This is instead a story of surrender for some and triumph for others.

In 2010, lifejacket cinched and snorkel in place, I went into the ocean off Koh Tao knowing full well that I’d never really learned to swim and came out moments later in complete panic. Several attempts in calmer water later and I was, well not happy and content in the water, but more capable of being less panicked and enjoying the view of fish.

After several years, I have grown far more comfortable in water. Sure I still hold my nose if I go underwater, but wearing fins doesn’t feel quite so much like some sea monster is trying to drag me to a watery grave and breathing through a snorkel was moderately less claustrophobic.

Surely that’s a good enough base to go for a SCUBA diving course.

Armed with the knowledge of how far I’d come, I was ready to give it a go. I assumed that, even if I wasn’t a perfectly strong swimmer, at least the knowledge and know-how of taking a course, the technical information about the equipment, and the guiding hand of a competent instructor in a small group setting would readily combine to make for an easy, fun diving experience.

And it did. In the classroom.

We then went out on a boat, got all SCUBA suited up, leapt into the water, and I learned several things about myself.  The most relevant of which was this: I hate being underwater. Everything about it felt unnatural.

After swimming into the shallow cove for our confined introductory session, we started with some basics. But even the most basic of the basics, such as breathing through the regulator facedown or sitting underwater with no more than a foot of water overhead, were absolutely, excruciatingly panic-inducing for me. Try as I might, and I did try, repeatedly, I just could not force myself to stay underwater.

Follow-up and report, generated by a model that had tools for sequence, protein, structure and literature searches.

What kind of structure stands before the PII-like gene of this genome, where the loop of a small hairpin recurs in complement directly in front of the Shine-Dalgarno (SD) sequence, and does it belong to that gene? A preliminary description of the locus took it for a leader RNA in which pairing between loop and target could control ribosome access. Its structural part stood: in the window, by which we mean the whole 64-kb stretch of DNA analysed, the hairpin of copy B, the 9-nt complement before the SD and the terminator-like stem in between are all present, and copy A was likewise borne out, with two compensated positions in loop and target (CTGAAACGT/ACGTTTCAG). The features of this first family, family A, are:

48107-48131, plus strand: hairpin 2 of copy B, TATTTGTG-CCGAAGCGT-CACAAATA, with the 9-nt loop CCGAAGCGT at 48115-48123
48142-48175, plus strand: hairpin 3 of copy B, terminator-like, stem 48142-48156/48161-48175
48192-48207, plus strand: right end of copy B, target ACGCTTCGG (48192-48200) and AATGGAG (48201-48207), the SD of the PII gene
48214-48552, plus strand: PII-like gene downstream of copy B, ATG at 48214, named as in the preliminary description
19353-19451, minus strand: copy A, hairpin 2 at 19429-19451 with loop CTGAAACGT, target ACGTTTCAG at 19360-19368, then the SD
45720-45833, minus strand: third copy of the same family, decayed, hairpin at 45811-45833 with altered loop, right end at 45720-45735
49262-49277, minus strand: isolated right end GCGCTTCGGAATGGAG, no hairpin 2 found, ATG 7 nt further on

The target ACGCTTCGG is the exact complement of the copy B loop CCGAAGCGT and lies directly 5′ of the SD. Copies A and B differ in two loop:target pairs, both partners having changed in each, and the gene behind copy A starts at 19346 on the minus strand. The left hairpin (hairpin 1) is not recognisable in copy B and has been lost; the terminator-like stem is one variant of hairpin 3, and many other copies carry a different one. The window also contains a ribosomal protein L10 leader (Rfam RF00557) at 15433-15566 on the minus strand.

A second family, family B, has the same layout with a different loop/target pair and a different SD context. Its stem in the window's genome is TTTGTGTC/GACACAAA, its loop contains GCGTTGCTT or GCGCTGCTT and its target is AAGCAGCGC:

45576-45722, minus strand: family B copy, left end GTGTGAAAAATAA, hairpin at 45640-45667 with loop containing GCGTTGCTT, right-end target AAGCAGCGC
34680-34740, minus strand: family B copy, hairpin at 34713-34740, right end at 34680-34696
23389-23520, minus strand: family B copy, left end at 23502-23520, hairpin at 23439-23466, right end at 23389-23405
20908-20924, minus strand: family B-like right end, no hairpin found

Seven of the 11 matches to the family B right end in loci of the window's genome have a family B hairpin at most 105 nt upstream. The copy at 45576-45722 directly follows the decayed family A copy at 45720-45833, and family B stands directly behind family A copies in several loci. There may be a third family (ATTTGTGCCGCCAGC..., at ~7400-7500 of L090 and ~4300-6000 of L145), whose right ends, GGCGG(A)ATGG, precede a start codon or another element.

I don’t know if you’ve ever felt the slow, suffocating grip of panic winding its way around our ribcage, twisting its fingers around your throat, but I’ll tell you this it’s not pleasant. Our instructor was kind and encouraging. Win was patient and helpful. But it just wasn’t happening. Much like my first time snorkeling, the day ended with me in tears, stress smoking on a boat.

Now, to the dive school’s credit, they then offered to do a one-on-one session to try again. Of course, to me this sounded like torture. Especially because once you get past the being fine breathing underwater part, you get to practice things like losing your breathy bit and taking off your mask. It’s like a course that was built to make me cry.

So, I quit. As much as I hate to admit defeat, and as far as I try to push my boundaries, I had reached my limit. I know I missed out on seeing some beautiful things, and I hear that feeling weightless is incredible. But a 4-day learning curve just wasn’t going to get me to that level of comfort with being underwater.

And that is the story of how Win got SCUBA certified and I spent two days reading on the beach.